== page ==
Trace elements geochemistry

Eco-engineering of in-site red mud into functional soils for sustainable rehabilitation of red mud domain

Dr Narottam Saha is a biogeochemist. His primary research interest is in understanding the biogeochemistry of trace elements and their cycling in the environment, with projects addressing key research questions related to ecological engineering of red mud into functional soil for sustainable rehabilitation of mined land. He is currently involved in wide range of research activities: 

  • Physicochemical speciation and organic-inorganic complexation of metal(loid)s and rare earth elements (REE) to understand their fate and transport in the continuum of contaminated soil/tailings-water-vegetation, which is critical for understanding risks of mine wastes (e.g., tailings, wastewater) and designing effective intervention for alleviating the risks. 
  • Investigation of sensitive shifts in the relative abundance of metal stable isotopes tracing sources and elucidating processes of their migration pathways from mine tailing and soil to plants to natural waterways and eventually into the oceans.
  • Bio-imaging to understand compartmentalization of metal(loid)s and REEs in plant tissues/organs, their uptake mechanism and translocation pathways.
  • Metal(loid) contamination in food chain and aquatic ecosystems, and assessment of associated human and ecological risks.
  • Understanding the dynamics of trace metal geochemistry in coral skeleton and proxy based reconstruction to infer long-term anthropogenic forcing on coral reefs.


Dr Narottam Saha is specialised in the area of environmental analytical chemistry and geochemistry, with Bachelors and Masters Degrees in Applied Chemistry and Chemical Technology, a second Masters Degree (Distinction) in Environmental Sciences ( University of East Anglia, UEA, UK), and  PhD in geochemistry (The University of Queensland). In his Masters study, Saha received a Commonwealth scholarship, one of the most prestigious international scholarship schemes, for Master Degree in Environmental Sciences, with special emphasis on Clumped Isotope geochemistry and climate science.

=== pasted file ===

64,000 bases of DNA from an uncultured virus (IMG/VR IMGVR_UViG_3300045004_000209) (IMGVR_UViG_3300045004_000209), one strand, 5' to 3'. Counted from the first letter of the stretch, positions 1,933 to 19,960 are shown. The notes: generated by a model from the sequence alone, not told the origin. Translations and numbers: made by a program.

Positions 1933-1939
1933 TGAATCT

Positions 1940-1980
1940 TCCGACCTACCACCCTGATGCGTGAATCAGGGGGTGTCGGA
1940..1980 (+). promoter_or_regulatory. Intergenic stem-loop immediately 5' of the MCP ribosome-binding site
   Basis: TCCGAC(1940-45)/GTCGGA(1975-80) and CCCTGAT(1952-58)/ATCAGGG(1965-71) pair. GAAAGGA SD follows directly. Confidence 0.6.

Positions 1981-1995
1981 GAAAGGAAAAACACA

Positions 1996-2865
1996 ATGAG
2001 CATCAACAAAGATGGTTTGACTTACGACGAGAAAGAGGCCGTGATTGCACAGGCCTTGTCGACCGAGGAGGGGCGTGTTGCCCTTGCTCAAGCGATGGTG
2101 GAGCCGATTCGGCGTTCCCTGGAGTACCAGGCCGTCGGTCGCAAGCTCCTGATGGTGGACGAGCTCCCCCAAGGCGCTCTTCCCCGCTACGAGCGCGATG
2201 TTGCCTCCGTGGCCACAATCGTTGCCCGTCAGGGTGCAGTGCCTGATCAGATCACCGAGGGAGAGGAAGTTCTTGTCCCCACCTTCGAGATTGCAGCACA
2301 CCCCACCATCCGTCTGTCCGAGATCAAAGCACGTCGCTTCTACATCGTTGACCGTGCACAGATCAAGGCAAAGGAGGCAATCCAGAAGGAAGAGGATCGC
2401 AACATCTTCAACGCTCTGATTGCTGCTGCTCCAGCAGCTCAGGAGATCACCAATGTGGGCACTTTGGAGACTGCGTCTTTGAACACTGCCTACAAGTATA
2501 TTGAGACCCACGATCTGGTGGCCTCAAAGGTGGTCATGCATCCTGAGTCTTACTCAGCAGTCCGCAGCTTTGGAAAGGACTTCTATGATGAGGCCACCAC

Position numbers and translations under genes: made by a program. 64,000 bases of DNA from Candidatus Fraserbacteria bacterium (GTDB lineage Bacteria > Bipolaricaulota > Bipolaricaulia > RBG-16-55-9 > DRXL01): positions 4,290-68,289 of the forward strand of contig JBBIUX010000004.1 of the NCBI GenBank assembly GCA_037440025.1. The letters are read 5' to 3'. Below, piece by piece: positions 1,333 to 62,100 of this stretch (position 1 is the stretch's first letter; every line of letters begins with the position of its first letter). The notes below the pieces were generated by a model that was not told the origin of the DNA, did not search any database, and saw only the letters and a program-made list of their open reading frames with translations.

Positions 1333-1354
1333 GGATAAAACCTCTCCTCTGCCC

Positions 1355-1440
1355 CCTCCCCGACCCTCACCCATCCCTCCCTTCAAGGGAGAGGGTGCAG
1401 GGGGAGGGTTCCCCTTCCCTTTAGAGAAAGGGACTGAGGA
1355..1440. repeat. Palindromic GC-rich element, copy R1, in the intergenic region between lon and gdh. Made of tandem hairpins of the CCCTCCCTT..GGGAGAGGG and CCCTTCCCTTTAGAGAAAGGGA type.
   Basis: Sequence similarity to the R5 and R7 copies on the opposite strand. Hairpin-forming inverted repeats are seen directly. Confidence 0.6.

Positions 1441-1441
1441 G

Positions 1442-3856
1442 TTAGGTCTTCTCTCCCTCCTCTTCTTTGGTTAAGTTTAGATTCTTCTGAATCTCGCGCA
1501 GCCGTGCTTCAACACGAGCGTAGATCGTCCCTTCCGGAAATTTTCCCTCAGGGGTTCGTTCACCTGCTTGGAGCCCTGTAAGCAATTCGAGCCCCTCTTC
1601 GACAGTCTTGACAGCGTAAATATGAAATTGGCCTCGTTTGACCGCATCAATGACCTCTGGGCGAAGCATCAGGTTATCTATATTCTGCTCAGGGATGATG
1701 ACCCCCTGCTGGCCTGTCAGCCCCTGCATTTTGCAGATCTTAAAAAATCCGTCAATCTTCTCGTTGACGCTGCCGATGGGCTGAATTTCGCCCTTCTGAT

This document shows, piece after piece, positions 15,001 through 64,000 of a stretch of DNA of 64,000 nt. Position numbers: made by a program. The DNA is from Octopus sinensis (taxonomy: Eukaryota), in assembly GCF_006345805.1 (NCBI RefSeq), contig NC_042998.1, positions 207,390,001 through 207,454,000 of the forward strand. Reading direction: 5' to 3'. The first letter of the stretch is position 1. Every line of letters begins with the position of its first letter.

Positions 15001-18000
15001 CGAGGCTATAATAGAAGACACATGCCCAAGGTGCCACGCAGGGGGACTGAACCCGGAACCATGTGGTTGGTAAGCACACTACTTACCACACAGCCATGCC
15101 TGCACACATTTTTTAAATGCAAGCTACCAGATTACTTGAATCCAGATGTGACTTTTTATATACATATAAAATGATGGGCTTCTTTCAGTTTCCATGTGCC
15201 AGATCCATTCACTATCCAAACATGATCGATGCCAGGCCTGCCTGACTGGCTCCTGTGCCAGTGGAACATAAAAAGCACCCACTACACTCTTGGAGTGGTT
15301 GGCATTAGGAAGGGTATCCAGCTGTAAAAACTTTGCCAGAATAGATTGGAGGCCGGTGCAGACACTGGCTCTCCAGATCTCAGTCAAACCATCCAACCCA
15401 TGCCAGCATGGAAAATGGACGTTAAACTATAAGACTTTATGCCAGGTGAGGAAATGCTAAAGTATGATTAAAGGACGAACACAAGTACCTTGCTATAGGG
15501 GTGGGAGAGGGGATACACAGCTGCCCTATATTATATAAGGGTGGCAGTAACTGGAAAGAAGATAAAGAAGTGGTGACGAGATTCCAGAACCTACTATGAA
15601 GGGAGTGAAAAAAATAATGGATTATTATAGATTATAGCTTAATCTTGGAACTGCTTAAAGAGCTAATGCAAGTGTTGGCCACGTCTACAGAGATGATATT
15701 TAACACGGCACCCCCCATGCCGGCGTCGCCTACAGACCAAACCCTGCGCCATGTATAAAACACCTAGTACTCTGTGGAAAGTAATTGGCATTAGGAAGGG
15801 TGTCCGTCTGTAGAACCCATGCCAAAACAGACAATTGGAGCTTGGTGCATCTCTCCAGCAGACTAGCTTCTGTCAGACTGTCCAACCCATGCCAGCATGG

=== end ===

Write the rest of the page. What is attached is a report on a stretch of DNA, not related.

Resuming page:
In 2014, Saha received Australia’s federal government scholarship (IPRS) for undertaking his PhD degree. Saha’s research achievements were well recognised with awards of Stanley Gray Fellowship from Institute of Marine Engineering, Science & Technology (IMarEST, UK) for coral reef research and National Science and Information & Communication Technology (NSICT) Fellowship (2010) from Government of Bangladesh for heavy metal pollution research. 

His multidisciplinary research experiences include biogeochemistry of heavy metals, assessment of carcinogenic and non-carcinogenic risks for the population exposed to heavy metals, clumped isotopes geochemistry in recovering palaeo-climate history and developing trace element proxies in coral carbonate skeleton to trace historical gradients of inshore coastal water quality. His PhD research highlights the potential of self-referencing rare earth elements over traditional trace elemental proxies for reconstructing marine water quality, degradation of which is considered as one of the major threats in declining the Great Barrier Reef (GBR) coral community. He has been the first to have discovered a noble V/Ca proxy, which is decoupled from other commonly used runoff proxies, for monitoring historical catchment clearing and firing in coastal areas. His discovery has direct relevance to environmental protection for reefs in the GBR through promoting better land management with improved water quality. 


The current research projects Saha engaged with are in collaboration with Rio Tinto Ltd, focusing on developing new technologies to rehabilitate bauxite residues dams. 


Dr Saha has academic collaboration with other departments in UQ including School of Earth and Environmental Sciences, School of Agriculture and Food Sciences. He also has international collaboration with University of East Anglia (UK), Bangladesh Atomic Energy Commission, Rajshahi University (Bangladesh), Jahangirnagar University (Bangladesh), Shahid Beheshti University of Medical Sciences (Iran), and Shahid Chamran University of Ahvaz (Iran).